- Rewards crowdfunding campaigns are 0-60 days, and usually 30-40 days only
- Most people back a campaign in the beginning, or right before the end, so making a longer campaign doesn’t always add value and can sometimes slow momentum
Set your reward tiers
- Create a broad range with low level ones for people who just want to be a part of the project, and higher levels for your most passionate supporters
- Avoid large jumps in reward tiers that could make you miss out on potential backers – for example, if you have one reward priced at $20, and the next tier is $100, you could be missing supporters wanting to pledge $50.
- Think about special rewards you might introduce into the campaign later to build momentum and achieve stretch goals
- Be mindful of how you will fulfill and ship orders/rewards – make sure your commitments will be realistic and you’ll be able to get everything to your backers in a timely way
- Think of rewards that give your backers a sense of ownership and involve them in the creative process
- It doesn’t have to be an expensive professional video, just tell the story in a captivating way, be honest, and be real. People respect authenticity. Answer: Why does the world need this campaign? Why are you the right person (or team) to do it? What have you accomplished so far and what is the plan from here?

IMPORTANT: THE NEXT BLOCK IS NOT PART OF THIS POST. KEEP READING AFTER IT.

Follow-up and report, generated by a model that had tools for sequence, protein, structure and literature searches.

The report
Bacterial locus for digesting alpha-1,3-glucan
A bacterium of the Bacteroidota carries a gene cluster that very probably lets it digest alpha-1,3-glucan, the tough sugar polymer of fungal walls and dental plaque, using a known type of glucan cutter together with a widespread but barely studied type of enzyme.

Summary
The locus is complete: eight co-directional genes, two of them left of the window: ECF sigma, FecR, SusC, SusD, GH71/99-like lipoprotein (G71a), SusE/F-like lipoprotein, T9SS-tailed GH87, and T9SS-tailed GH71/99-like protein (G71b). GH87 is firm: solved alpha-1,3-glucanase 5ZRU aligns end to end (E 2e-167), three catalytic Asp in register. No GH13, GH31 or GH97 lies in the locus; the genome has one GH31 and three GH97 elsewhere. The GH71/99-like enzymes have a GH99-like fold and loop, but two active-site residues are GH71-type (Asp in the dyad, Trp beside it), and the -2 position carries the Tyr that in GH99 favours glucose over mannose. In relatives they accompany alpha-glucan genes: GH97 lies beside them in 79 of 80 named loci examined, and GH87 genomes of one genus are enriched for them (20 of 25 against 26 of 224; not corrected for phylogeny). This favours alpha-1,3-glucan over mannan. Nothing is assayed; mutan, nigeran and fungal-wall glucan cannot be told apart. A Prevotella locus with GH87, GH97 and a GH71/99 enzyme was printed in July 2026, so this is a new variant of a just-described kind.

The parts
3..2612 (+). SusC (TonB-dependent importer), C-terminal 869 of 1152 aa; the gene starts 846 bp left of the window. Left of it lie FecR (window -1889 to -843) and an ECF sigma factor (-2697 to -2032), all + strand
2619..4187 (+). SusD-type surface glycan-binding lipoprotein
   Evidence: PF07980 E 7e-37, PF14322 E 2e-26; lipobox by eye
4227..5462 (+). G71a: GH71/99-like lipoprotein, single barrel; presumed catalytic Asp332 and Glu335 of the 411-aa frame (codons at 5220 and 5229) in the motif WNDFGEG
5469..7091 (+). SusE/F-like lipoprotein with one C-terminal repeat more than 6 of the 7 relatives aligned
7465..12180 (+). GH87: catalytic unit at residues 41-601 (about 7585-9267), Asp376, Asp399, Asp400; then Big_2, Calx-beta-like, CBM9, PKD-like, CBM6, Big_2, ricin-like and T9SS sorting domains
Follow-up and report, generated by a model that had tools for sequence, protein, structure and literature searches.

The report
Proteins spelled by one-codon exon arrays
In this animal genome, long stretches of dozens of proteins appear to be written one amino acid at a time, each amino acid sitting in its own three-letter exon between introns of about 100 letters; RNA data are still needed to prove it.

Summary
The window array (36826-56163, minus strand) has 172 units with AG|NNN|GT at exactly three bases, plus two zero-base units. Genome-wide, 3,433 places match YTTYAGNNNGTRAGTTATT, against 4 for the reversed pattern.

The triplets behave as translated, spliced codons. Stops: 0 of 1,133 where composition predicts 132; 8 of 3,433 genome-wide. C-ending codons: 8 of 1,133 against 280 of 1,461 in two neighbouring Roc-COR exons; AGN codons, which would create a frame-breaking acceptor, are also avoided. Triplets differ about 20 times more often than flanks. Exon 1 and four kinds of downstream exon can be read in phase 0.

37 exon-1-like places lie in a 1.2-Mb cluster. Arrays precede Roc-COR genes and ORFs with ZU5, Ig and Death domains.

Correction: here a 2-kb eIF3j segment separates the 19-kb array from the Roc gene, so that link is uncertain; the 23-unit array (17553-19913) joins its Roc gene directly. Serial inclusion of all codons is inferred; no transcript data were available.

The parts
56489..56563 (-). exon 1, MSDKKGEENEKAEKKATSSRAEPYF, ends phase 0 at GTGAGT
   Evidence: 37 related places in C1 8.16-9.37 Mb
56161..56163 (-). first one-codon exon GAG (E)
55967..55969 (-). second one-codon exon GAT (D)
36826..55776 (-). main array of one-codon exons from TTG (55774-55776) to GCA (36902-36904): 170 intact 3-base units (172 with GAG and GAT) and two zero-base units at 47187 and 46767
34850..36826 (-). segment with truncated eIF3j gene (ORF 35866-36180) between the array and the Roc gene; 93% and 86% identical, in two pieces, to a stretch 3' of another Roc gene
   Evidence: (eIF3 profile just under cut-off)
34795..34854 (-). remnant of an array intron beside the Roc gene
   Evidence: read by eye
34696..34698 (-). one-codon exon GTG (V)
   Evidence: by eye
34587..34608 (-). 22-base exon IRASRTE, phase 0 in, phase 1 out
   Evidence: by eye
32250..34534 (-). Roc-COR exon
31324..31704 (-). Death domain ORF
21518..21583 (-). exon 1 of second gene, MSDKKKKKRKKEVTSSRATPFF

- Keep it under 3-4 minutes (attention drifts in most people after 2 minutes, so a good rule of thumb is to keep the video to the length of a typical movie trailer)
- The “about” section of your campaign page is your pitch to backers. Keep things clear and direct and get people (especially strangers and people who aren’t close friends) to give you objective feedback to help improve it. Include appealing graphics, high quality photos, charts, diagrams, prototype renderings, infographics – anything that can tell your story more visually. Tell your backers what you’re offering them, what you need their money for and how you’re going to use it.
- Highlight the deeper “why” behind what you’re doing
- If you have traction, highlight it - especially growth and momentum
- If you don’t have numbers to highlight yet, focus on building credibility – your credentials and experience, accolades or awards the business has achieved, strategic partners or advisors, intellectual property like patents etc.
- Invite people to your team to help with the visual assets for the campaign
- Test your pitch content and strategy on people in your target audience to see which version is most effective